Brexit and Workers’ Rights

IIEA20th April 20166min
Writing in the UK version of The Huffington Post, the General Secretary of the Trade Union Congress Frances O’Grady raised again a matter of some importance in the referendum debate, arguing that voting to leave the EU would be a significant risk for workers: Brexit, she wrote, would leave workers “haunted by years of uncertainty, with rights like paid holiday, parental leave and equal treatment for part-timers at risk of being whittled away.”

Writing in the UK version of The Huffington Post, the General Secretary of the Trade Union Congress Frances O’Grady raised again a matter of some importance in the referendum debate, arguing that voting to leave the EU would be a significant risk for workers: Brexit, she wrote, would leave workers “haunted by years of uncertainty, with rights like paid holiday, parental leave and equal treatment for part-timers at risk of being whittled away.”

An independent barrister, Michael Ford QC, had been commissioned by the TUC to provide information for its members on what is at stake for working people in the referendum. In summary, his report argues that Brexit could mean a massive step backwards on hard-won rights at work.

Frances O’Grady writes of clear evidence of threats to workers’ rights, for example in a current proposal by Conservative MPs to allow employers to opt out of the Working Time Directive with its provisions on annual leave. She argues that “Brexit is a means to an end – and the end they seek is the demise of regulations that are crucial to your rights at work. They casually label it ‘red tape’, but for you it could be your right to time off if your child has a medical emergency.”

David Cameron’s Shifting Approach

In 2007, David Cameron, as Leader of the Conservative Party, promised a return to John Major’s pledge to pull Britain out of the Social Chapter on workers’ rights across the EU. It was also reported on 11 June 2015, based on Tory sources in Brussels, that Prime Minister Cameron intended to make such an opt-out from EU employment laws – such as the working time directive and the agency workers’ directive – one of his goals in the planned negotiation with the EU institutions. The UK would seek a treaty protocol saying employment conditions were the sole responsibility of member states.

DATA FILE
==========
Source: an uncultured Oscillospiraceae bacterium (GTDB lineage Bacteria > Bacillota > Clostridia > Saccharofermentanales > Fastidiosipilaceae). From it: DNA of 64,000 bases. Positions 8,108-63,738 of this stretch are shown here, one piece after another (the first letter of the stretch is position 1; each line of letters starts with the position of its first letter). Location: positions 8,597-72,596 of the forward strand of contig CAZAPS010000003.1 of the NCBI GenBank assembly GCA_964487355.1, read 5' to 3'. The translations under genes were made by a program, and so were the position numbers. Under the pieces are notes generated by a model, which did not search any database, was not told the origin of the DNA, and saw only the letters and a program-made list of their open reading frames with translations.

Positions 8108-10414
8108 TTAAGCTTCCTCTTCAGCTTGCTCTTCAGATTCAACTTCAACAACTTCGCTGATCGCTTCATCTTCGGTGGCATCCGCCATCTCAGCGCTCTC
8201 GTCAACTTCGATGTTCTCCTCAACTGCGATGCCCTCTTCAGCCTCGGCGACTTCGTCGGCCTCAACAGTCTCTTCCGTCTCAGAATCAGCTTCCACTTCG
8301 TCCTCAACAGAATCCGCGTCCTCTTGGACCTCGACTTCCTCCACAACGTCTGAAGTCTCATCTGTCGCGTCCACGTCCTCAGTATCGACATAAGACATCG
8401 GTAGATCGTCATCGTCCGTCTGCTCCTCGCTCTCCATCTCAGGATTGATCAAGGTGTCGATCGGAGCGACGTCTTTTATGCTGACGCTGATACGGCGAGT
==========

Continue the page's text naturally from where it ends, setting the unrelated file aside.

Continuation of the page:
Just six weeks later, however, the Financial Times reported that Cameron had scrapped demands for full British exclusion from EU employment laws in a move to disarm the trade unions and the Labour Party in the ‘Remain’ camp. The report said that Cameron was now seeking “more limited protection for the UK’s flexible labour market” and argued that the Prime Minister’s circumspection was a simple matter of realpolitik.

It is significant in this respect that, in June 2015, Frances O’Grady had written an ‘open letter’ to Prime Minister Cameron in which she stated the TUC’s opposition to these moves, and further seeking clarification from Mr. Cameron regarding whether they would be a focus of the upcoming renegotiation. The letter, which can be read in full here, furthermore expressed the TUC’s belief that an erosion of workers’ rights would make people less likely to vote to remain in the EU.

Balance of Competences Review

The Balance of Competences Review launched by the UK government in 2012 was designed “to give us an informed and objective analysis of where the EU helps and where it hampers.” The Review involved 32 sectoral studies and, in published form, totalled 3,000 pages of evidence submitted by 1,500 independent individuals or organisations.